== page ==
In an interesting turn of events, a wax statue of world-renowned actor and former wrestler, Dwayne ‘The Rock’ Johnson, that recently came under scrutiny for the inaccurate depiction of its skin colour has been rectified, according to the spokesperson of the Parisian museum, Musée Grévin.
The amends were conducted under the cloak of nightfall after fans and Johnson himself voiced criticism over the contrasting skin tone. A statement from the museum acknowledged that the construction of this specific wax figure posed a set of unique challenges as meeting Dwayne in person wasn’t plausible. They relied solely on photographs, an approach influenced tremendously by lighting and individual perceptions, creating a daunting task for the sculptors.
They conceded that due to a technical mishap related to the lighting, the skin tone, masterfully crafted using oil paint, was displayed as much lighter than it should have been. Putting to rest any ensuing grievances, the spokesperson briefly reassured, “We have executed the required adjustments.”
The modification was swiftly made after both Johnson and others noted the disharmony with the wax figure’s aesthetic representation. The Hollywood actor, in response, pledged to engage his team with the Musée Grévin to uplift and improve his likeness starting with the most noted discrepancy – the skin tone.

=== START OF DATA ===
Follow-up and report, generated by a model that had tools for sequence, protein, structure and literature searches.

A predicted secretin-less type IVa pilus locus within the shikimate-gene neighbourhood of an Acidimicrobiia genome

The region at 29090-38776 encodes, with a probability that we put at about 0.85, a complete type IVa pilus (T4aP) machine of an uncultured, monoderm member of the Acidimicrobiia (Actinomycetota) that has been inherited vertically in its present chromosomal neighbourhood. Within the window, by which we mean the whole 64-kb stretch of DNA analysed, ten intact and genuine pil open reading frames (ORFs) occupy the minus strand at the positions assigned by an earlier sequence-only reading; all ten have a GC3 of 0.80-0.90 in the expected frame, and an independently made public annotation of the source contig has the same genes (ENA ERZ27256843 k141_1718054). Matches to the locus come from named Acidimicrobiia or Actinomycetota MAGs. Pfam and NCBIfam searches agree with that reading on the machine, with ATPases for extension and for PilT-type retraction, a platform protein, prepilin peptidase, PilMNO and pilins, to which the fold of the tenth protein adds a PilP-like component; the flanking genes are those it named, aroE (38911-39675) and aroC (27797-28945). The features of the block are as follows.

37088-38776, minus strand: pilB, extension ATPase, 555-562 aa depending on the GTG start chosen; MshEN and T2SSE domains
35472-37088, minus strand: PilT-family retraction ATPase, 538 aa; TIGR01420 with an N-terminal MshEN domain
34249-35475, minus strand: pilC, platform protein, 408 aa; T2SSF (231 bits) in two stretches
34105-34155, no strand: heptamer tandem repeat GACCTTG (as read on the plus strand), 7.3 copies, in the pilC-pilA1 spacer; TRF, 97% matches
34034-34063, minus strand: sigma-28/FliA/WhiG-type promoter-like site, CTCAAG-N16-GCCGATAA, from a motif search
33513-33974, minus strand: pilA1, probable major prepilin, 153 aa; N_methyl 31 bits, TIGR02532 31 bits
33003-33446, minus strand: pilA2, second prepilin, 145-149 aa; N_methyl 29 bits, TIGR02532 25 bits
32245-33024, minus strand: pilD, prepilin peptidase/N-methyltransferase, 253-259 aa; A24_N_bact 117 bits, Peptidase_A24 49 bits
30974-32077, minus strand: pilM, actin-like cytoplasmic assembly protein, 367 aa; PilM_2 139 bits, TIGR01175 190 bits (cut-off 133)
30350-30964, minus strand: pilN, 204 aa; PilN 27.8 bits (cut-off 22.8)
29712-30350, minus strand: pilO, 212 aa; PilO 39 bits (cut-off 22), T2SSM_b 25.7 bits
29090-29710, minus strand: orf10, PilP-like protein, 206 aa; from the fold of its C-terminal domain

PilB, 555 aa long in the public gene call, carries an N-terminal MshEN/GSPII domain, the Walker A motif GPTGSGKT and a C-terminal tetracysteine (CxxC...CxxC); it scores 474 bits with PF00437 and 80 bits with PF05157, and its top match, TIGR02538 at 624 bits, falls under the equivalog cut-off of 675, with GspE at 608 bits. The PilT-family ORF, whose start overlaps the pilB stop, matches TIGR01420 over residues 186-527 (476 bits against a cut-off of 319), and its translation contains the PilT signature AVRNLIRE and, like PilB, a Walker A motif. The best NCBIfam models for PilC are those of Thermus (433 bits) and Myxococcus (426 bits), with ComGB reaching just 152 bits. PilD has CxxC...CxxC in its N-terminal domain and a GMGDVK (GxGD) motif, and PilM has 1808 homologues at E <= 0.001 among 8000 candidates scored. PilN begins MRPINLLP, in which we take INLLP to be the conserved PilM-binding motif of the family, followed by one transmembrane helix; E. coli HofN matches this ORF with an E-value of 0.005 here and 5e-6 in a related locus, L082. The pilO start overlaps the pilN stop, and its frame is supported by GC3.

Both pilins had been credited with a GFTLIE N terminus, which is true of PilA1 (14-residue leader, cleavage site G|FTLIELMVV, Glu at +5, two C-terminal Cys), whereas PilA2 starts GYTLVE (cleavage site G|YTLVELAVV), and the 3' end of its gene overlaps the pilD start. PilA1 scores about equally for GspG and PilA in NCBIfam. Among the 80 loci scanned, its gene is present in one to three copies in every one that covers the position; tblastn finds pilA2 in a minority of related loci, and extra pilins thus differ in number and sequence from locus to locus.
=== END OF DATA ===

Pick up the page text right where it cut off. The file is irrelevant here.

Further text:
The acclaimed performer, son of a Black Nova Scotian wrestler and a Samoan mother, was puzzled by the discrepancy in skin tone. Comedian James Andre Jefferson Jr. candidly stated, “It doesn’t even look like him anymore,” as he commented on the situation via his Instagram video.
Johnson’s wax representation is a towering figure, measuring six-foot-five and weighing 262 pounds. It was unveiled to much anticipation during the weekend, according to the museum. Despite the public disapproval, Johnson chose to view the situation with good humour and light-heartedness, he quipped about sharing a drink with his wax counterpart on his next visit to Paris.
The museum reportedly sent the updated figure’s photographs to ‘The Rock’, expressing their enthusiastic anticipation for him to visit and celebrate his wax doppelgänger with a proverbial “cup of champagne”.
The creation and execution of the statue were a labour of six months, attributed to the sculptor Stephane Barret and his expert team. It’s worth noting that Johnson’s signature Samoan tattoos required a tedious and focused effort of 10 days and in-depth research. The warm, captivating gaze of Johnson’s wax counterpart was perfected after three attempts, a testament to the team’s commitment to honing the desired texture and detail.
Emphasising the complexity of the project, Barret admitted that replicating Johnson’s slight smile, as seen in their reference photo, posed an additional challenge for the team. Successfully overcoming these obstacles, the statue stands as an homage to the beloved celebrity. Known for his roles in “Moana,” “Jumanji: Welcome to the Jungle,” “Jungle Cruise,” and multiple instalments of the “Fast & Furious” franchise, Johnson continues to make a mark on the world stage.